A new publication from OSHA offers guidance to employers on best practices regarding restroom access for transgender workers.
OSHA’s Sanitation Standard requires all employers provide employees with sanitary toilet facilities, so that workers won’t suffer adverse health effects if restrooms aren’t available when needed.
The publication, Guide to Restroom Access for Transgendered Workers, says the key is gender identity. All employees should be permitted to use the facilities that correspondent with their gender identity, according to OSHA.
“The core principle is that all employees, including transgender employees, should have access to restrooms that correspond to their gender identity,” said OSHA administrator David Michaels.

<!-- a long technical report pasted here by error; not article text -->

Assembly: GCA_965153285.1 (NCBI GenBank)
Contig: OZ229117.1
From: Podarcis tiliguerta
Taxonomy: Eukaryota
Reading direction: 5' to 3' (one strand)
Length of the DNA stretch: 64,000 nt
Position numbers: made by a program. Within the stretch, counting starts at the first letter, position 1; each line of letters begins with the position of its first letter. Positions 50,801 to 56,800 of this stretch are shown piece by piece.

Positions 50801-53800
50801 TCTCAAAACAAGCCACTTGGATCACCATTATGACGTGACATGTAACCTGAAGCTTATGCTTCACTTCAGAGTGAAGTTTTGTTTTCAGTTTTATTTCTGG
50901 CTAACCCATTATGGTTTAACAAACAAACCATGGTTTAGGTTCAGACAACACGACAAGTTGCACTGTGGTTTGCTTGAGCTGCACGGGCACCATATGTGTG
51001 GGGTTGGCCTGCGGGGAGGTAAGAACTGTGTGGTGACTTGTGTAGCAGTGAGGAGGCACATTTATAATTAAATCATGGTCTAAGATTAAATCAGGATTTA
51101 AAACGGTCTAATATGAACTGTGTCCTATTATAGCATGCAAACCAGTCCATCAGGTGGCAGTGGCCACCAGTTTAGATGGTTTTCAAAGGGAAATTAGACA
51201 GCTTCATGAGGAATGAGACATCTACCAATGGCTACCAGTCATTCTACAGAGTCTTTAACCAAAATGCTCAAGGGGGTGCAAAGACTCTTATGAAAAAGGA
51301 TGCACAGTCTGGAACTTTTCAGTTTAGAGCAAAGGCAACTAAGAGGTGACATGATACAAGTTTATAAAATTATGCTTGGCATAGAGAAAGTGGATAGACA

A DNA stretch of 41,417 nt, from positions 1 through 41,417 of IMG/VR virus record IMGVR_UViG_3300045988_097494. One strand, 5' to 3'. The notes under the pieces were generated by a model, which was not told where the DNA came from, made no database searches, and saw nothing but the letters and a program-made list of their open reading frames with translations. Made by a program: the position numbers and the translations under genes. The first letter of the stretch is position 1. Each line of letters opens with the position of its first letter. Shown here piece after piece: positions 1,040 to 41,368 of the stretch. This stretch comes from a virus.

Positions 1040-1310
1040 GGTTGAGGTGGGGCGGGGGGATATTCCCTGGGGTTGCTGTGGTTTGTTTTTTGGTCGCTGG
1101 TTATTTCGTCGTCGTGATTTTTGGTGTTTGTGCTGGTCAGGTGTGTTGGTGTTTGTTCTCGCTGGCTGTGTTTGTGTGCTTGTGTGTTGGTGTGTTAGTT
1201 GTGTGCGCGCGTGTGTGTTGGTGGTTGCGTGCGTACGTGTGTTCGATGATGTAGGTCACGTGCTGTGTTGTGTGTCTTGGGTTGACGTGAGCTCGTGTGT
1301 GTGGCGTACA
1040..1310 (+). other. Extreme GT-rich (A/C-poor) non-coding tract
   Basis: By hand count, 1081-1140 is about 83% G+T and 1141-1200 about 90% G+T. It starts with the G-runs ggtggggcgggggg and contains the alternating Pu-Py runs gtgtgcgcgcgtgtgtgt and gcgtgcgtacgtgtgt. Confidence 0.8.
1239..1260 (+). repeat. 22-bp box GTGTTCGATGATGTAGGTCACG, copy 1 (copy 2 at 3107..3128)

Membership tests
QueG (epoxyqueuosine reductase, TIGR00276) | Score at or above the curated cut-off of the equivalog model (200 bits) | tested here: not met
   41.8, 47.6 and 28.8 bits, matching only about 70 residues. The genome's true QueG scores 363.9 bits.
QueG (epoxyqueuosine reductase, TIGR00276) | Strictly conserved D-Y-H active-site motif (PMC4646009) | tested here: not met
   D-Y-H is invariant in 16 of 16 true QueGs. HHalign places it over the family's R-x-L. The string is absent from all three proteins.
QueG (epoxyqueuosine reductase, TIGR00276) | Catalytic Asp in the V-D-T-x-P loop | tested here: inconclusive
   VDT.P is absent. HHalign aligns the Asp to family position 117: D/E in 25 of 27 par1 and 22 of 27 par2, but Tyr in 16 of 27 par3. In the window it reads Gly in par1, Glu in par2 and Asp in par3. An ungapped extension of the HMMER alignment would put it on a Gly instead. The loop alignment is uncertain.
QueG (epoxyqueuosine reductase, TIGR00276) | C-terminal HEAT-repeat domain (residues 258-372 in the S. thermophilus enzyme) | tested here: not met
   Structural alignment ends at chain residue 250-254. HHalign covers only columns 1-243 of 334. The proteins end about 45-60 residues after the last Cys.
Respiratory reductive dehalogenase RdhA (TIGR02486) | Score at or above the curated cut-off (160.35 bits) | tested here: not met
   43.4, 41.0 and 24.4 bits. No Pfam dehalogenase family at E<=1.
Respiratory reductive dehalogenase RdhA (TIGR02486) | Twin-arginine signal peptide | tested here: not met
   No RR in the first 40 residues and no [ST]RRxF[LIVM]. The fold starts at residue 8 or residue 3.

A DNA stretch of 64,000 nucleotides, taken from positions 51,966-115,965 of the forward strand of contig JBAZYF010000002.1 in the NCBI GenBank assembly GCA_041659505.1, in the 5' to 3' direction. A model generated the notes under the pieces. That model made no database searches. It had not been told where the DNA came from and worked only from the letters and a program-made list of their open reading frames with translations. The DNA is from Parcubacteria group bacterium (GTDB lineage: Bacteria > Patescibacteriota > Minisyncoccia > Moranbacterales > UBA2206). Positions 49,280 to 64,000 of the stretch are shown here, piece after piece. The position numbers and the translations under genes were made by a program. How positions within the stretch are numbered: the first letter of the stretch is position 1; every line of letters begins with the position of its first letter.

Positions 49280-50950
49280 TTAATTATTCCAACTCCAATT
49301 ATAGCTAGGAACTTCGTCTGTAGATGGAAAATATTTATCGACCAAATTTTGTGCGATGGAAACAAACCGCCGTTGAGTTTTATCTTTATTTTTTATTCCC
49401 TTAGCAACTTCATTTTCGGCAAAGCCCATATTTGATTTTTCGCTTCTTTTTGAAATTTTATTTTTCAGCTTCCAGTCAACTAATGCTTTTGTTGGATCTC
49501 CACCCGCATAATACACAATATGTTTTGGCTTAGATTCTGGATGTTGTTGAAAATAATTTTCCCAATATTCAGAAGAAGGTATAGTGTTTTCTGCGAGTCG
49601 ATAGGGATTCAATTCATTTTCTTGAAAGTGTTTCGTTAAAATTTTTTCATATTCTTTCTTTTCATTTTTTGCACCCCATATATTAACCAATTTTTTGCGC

For example: A person who identifies as a man should be permitted to use men’s restrooms, and a person who identifies as a woman should be permitted to use women’s restrooms.
The guide states:
“Segregating [transgender employees] from other workers by requiring them to use gender-neutral or other specific restrooms, singles those employees out and may make them fear for their physical safety. Bathroom restrictions can result in employees avoiding using restrooms entirely while at work, which can lead to potentially serious physical injury or illness.”
Such adverse effects include urinary tract infections and bowel and bladder problems.
OSHA’s publication includes which federal, state and local laws affirm the principle of providing employees with access to restrooms based on gender identification.
The guide was developed at the request of the National Center for Transgender Equality, an OSHA Alliance partner that works with the agency to develop materials to protect employee safety.